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Model mining

Integrating data analytics, modelling and verification


Process mining techniques have been developed in the ambit of business process management to extract information from event logs consisting of activities and then produce a graphical representation of the process control flow, detect relations between components involved in the process and infer data dependencies between process activities. These process characterisations allow the analyst to discover an annotated visual representation of the conceptual model or the performance model of the process, check conformance with an a priori model to detect deviations and extend the a priori model with quantitative information such as frequencies and performance data. However, a process model yielded by process mining techniques is more similar to a representation of the process behaviour rather than an actual model of the process: it often consists of a huge number of states and interconnections between them, thus resulting in a spaghetti-like net which is hard to interpret or even read. In this paper we propose a novel technique, which we call model mining, to derive an abstract but concise and functionally structured model from event logs. Such a model is not a representation of the unfolded behaviour, but comprises, instead, a set of formal rules for generating the system behaviour, thus supporting more powerful predictive capabilities. The set of rules can be either inferred directly from the events logs (constructive mining) or refined by sifting a plausible a priori model using the event logs as a sieve until a reasonably concise model is achieved (refinement mining). We use rewriting logic as the formal framework in which to perform model mining and implement our framework using the Maude rewrite system. Once the final formal model is attained, it can be used, within the same rewriting logic framework, to predict future evolutions of the behaviour through simulation, to carry out further validation or to analyse properties through model checking. Finally, we illustrate our approach on two case studies from two different application fields, ecology and collaborative learning.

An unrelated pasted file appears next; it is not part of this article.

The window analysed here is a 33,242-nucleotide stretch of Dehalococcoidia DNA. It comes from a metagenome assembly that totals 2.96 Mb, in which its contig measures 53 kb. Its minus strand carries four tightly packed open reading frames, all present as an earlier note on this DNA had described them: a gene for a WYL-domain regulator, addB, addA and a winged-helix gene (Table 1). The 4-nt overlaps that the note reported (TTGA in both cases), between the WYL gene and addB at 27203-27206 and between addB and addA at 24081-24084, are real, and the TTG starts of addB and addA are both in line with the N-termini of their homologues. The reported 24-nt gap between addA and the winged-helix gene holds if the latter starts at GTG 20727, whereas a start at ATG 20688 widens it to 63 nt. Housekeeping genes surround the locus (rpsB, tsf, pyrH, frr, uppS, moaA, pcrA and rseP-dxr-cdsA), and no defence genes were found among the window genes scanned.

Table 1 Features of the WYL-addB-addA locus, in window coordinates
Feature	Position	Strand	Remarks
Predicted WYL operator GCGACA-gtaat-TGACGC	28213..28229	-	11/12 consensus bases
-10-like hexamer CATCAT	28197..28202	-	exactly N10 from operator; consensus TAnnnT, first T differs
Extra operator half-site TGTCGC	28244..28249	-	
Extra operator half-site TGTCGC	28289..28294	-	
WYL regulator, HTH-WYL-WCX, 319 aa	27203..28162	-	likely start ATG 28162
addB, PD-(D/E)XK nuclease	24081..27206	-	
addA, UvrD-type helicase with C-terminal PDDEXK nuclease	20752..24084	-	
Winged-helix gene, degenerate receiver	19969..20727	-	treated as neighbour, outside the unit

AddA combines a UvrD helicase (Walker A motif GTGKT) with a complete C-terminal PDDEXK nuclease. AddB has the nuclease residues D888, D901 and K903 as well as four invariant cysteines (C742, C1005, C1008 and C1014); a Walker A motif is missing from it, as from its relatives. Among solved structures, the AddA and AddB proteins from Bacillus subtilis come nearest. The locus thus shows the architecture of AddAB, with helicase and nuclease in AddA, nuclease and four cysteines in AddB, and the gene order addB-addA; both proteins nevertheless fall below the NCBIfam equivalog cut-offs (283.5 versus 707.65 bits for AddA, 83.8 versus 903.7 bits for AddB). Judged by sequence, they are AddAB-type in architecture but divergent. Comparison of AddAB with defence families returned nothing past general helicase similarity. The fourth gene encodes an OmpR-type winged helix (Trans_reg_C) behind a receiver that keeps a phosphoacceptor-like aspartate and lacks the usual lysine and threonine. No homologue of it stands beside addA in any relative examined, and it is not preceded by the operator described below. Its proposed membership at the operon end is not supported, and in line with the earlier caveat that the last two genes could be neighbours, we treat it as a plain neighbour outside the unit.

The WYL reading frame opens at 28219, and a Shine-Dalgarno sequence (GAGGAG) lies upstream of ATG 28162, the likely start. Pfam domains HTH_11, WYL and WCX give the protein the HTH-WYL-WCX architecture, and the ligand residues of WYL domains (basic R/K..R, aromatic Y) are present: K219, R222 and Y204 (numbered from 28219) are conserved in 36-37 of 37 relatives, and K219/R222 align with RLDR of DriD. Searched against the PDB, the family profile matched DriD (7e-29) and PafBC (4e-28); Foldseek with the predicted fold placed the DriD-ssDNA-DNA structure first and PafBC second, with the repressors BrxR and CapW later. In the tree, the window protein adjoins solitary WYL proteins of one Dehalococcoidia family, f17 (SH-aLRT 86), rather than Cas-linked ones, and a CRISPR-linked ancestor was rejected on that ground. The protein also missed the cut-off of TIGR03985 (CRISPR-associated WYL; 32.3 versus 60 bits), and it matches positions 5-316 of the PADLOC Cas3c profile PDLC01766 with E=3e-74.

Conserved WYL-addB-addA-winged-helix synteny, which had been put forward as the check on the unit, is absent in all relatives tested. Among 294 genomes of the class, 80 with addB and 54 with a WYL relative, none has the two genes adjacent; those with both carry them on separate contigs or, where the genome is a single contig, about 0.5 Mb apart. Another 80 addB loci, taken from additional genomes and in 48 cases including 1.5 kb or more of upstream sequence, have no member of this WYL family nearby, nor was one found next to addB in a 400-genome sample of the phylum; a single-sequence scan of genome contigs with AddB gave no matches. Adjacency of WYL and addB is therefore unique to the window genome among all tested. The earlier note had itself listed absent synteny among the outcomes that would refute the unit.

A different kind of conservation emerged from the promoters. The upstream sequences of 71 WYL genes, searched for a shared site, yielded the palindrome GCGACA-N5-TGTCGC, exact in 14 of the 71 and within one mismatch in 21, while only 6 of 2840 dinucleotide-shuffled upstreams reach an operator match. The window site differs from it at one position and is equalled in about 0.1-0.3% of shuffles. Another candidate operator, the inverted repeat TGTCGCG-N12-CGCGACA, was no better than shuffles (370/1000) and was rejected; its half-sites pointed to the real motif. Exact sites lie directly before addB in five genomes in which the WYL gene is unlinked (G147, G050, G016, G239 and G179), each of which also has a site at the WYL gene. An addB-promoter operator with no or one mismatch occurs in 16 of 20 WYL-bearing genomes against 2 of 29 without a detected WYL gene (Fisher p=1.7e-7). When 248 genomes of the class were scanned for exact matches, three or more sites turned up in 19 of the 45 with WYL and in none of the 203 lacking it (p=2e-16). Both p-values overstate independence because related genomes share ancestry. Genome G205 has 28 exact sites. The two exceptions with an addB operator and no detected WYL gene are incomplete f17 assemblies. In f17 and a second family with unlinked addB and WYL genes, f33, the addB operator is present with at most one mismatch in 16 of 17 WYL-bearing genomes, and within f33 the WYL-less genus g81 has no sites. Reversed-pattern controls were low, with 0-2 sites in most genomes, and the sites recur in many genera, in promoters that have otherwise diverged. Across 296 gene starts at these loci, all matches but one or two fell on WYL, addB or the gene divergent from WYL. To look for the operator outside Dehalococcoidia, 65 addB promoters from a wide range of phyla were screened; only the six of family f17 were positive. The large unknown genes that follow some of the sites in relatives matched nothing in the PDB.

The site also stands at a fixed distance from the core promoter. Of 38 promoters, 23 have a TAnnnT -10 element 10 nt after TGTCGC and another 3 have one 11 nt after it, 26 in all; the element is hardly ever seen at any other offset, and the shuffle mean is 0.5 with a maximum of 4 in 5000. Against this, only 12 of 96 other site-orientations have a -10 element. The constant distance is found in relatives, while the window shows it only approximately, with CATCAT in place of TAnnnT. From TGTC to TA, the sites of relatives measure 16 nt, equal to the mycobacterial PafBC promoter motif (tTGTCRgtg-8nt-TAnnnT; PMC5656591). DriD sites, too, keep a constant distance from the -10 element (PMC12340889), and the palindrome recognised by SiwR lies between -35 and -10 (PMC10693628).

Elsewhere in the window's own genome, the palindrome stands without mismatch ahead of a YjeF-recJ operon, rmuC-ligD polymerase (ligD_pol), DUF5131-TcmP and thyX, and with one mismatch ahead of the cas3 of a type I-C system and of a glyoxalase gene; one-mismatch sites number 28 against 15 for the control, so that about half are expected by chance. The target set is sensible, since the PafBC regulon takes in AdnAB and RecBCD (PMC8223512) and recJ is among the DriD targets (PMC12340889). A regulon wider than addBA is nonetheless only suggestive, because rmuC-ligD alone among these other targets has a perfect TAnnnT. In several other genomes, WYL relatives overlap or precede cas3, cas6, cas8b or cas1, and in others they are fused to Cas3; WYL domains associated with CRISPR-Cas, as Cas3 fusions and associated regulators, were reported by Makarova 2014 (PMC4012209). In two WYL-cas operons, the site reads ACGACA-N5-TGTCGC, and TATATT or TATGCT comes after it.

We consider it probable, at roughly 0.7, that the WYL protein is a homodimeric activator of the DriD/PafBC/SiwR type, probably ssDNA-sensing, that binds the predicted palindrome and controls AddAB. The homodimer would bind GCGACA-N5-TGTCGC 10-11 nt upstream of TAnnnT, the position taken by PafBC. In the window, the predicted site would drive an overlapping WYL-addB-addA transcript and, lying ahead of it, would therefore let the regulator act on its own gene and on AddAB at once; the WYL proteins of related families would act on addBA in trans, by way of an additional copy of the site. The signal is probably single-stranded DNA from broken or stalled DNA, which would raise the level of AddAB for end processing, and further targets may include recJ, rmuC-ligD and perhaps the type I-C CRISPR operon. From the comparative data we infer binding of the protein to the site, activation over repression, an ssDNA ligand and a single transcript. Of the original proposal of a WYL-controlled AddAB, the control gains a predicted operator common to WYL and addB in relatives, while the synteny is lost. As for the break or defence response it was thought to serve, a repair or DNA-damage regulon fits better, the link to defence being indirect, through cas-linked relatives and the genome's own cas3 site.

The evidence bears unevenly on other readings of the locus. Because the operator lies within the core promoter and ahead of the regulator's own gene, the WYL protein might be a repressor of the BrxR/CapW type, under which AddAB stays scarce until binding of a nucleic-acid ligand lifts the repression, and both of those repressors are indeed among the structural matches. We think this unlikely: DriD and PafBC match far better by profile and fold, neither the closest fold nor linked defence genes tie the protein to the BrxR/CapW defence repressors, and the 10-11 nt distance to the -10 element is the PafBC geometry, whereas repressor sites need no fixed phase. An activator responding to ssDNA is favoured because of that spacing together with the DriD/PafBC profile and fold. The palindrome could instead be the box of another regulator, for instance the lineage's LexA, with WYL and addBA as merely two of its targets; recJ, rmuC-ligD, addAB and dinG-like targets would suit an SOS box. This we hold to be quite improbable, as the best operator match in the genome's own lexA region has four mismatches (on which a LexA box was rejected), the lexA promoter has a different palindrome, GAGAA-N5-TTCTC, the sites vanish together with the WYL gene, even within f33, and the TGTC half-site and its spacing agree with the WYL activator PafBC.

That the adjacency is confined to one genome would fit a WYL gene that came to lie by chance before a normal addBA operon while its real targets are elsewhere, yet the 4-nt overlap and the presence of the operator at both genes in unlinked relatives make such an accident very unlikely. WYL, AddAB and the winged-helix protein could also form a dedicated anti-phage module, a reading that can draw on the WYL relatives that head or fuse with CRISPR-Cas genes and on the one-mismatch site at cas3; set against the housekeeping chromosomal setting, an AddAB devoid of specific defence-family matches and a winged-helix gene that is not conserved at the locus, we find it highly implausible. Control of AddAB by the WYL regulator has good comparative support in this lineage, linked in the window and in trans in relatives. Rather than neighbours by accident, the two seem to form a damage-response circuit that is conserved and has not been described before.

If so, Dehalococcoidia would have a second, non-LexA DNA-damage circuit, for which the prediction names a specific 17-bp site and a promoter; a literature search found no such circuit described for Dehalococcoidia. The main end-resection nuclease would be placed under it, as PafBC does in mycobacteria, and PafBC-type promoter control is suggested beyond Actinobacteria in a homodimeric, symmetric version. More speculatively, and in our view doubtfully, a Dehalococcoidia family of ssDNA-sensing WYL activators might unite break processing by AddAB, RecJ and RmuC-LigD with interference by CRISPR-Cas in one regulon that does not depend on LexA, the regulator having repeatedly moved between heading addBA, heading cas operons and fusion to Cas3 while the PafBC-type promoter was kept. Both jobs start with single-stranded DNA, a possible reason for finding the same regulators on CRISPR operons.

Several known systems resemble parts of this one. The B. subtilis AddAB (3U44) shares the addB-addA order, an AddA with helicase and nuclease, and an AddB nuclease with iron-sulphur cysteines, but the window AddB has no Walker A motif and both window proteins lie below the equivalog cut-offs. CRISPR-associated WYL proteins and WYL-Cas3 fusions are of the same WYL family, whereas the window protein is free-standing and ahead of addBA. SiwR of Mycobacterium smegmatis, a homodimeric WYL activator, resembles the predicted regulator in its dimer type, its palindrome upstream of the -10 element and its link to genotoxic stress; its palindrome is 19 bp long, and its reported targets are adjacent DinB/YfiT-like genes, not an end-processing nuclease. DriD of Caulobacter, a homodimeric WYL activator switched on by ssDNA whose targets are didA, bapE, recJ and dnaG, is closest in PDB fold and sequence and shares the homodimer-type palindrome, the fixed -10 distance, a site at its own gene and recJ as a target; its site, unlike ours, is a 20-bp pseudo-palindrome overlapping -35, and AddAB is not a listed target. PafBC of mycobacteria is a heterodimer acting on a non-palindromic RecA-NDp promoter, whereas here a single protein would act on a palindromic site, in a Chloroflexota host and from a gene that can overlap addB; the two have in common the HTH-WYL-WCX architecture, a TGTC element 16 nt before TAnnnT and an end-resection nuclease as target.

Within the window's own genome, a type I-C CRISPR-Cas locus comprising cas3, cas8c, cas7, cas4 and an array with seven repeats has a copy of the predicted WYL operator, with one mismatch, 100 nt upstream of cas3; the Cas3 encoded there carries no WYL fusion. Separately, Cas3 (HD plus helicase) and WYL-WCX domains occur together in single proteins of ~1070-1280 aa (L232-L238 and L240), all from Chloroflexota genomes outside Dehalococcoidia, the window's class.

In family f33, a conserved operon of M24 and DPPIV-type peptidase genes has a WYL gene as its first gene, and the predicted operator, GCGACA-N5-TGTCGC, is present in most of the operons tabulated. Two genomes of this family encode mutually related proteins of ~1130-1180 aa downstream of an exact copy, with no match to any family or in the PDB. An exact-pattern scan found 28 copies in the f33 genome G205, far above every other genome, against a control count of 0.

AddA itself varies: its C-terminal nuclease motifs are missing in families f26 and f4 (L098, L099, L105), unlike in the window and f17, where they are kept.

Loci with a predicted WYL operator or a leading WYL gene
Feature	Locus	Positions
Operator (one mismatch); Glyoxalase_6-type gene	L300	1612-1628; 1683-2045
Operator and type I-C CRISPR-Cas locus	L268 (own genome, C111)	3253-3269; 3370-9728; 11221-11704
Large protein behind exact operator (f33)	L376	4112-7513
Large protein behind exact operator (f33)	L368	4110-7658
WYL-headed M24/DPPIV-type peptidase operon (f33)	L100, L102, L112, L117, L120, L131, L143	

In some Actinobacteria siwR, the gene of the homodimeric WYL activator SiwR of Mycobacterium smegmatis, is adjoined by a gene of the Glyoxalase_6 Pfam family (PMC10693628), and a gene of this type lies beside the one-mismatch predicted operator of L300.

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Correspondence to Antonio Cerone.

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Cerone, A. Model mining. J Intell Inf Syst 52, 501–532 (2019).

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  • Formal methods
  • Model-driven approaches
  • Process mining
  • Rewrite systems
  • Application to ecosystem modelling
  • Application to social network analysis